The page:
Oakland University celebrates re-opening of expanded, renovated Oakland Center
Oakland University held a ribbon cutting ceremony on Friday, Oct. 26 to celebrate the re-grand opening of the university’s student union, the Oakland Center, which recently underwent a 60,000-square-foot expansion that included $46 million in renovations to the existing building.
“It has been a pleasure to see this project take shape, particularly because it answers such a great need,” said OU Trustee Richard DeVore. “There is nothing I have been involved with at Oakland as important as this facility.”
Welcoming nearly 1.7 million visitors each year, the Oakland Center currently serves as “the living room” of OU’s campus, providing year-round opportunities for campus involvement and social engagement.
“This is our house, this is our living room, and we’re proud of it,” said Glenn McIntosh, vice president for student affairs and the university’s chief diversity office. “We’ll never be ashamed to have guests over.”
The expansion project kicked off in the spring of 2017 and included renovations to the Oakland Center’s dining space, banquet meeting rooms, offices, kitchen areas, retail space, and student support and service areas.
“When I look at this space, I see amazing things,” said Ora Hirsch Pescovitz, M.D., president of Oakland University. “This building was conceived with our students in mind. They were the ones who challenged us and inspired us. They told us what they needed and what they wanted, and we listened.”
Among the top concerns students identified as impacting campus life was the overcrowded conditions inside the Oakland Center, where students often struggled to find an outlet to plug into or a quiet space to study.
“In the old Oakland Center, students would struggle to find sitting space, wait in absurdly long lines, and student organizations would compete to use limited space,” said Ryan Fox, president of the Oakland University Student Congress. “Those days, thankfully, are in the past. With this new expansion, these problems are being alleviated.”
In addition to expanded space, the renovated Oakland Center features multiple fireplaces, private meeting spaces, a 10,000 square-foot ballroom, ample seating and a reflection room, as well as the new Plum Market, which provides a variety of healthier and innovative food choices on campus.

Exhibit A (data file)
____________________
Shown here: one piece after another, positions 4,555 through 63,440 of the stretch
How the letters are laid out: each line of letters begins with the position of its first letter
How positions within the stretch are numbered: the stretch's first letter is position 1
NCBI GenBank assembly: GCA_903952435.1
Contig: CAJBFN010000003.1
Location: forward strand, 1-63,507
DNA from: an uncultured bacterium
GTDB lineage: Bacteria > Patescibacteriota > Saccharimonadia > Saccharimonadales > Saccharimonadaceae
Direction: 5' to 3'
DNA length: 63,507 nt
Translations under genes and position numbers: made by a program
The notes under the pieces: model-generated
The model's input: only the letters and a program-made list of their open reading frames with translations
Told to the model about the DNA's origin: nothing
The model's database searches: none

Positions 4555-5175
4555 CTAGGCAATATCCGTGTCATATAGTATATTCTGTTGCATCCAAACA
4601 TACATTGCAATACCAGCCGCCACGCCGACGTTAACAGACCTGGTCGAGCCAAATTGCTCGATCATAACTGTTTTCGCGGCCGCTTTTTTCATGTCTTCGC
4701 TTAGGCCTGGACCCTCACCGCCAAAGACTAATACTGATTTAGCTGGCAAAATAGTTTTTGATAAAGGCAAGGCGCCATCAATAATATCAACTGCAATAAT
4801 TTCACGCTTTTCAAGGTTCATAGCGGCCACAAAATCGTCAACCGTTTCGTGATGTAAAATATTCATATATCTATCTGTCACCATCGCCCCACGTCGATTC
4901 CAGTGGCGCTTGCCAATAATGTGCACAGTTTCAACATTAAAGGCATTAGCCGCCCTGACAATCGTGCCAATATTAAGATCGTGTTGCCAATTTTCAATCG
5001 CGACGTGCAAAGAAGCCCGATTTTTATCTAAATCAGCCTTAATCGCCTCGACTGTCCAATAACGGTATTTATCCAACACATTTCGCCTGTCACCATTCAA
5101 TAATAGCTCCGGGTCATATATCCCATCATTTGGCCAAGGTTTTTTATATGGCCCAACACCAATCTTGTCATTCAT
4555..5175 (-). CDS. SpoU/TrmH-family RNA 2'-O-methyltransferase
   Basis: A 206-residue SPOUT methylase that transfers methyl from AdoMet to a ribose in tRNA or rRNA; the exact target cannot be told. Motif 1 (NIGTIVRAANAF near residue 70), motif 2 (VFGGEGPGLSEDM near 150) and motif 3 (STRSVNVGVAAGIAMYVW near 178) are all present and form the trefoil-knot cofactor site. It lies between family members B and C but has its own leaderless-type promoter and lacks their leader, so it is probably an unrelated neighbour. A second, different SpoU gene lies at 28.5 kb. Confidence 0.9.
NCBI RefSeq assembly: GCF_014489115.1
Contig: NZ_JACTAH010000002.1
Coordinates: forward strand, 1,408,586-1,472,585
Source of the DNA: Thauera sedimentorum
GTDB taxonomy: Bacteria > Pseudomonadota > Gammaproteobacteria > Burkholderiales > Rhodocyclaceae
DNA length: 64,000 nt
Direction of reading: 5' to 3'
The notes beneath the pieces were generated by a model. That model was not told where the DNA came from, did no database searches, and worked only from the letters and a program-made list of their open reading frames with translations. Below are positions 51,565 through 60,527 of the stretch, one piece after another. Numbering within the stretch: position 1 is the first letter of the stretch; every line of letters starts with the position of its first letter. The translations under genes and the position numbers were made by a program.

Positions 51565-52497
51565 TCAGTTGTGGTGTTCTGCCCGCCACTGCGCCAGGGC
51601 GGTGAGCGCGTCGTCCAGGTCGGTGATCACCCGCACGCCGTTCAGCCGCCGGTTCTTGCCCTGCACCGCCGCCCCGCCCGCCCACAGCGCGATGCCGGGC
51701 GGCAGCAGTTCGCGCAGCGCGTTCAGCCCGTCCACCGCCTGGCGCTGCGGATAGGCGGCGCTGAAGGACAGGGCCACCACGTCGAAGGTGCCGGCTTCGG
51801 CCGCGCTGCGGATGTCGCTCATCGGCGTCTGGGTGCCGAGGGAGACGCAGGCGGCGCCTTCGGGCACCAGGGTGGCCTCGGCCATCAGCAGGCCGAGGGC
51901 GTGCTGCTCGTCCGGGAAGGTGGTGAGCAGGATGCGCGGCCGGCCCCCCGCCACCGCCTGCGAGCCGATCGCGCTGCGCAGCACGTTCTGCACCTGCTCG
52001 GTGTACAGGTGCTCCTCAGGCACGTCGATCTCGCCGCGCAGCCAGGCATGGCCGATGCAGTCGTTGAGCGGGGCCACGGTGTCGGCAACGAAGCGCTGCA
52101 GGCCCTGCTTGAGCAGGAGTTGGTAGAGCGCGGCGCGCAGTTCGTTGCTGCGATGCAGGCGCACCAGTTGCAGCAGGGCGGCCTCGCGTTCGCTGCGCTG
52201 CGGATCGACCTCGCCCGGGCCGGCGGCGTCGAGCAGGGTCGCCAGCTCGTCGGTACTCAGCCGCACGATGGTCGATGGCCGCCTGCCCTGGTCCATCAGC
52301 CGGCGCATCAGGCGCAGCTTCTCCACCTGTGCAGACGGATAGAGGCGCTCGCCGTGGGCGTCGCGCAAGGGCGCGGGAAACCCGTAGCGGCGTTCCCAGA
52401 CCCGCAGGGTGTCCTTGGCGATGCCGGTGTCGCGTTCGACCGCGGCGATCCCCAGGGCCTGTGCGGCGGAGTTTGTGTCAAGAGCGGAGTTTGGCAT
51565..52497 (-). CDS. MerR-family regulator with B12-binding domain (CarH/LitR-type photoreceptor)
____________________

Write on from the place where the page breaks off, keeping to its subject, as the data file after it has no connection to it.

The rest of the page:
“We already had the first Chick-fil-A in the area, but our students said we also need a Plum Market,” Pescovitz said. “We listened to all the things our students told us, and I think when you walk around this facility, you’ll see we didn’t just do the bare minimum when it came to giving them the things they told us they needed. We did all those things, but we did them in a state-of-the-art way.”
That includes the new Habitat, a student performance and entertainment venue located on the main and lower levels of the Oakland Center.
“This space — the Habitat — is where students recently watched the gubernatorial debate,” Pescovitz said. “I was blown away by how engaged our students were. They engaged in a discussion that was intelligent and inspiring. We at Oakland are so fortunate to have the most remarkable students, but having a space like this that allows them to do that is really exceptional. It’s an amazing space.”
Chris Reed, director of the Oakland Center, agreed.
“This space is truly dynamic and transformational,” he said. “It was so important to pay attention to every minute detail and consider every opportunity this building had. We made sure everyone was a part of it — students, faculty, staff, alumni and the community. It was our goal to create a facility where you could walk in and have that ‘wow’ moment.”
To learn more about the Oakland Center, visit www.oakland.edu/oc.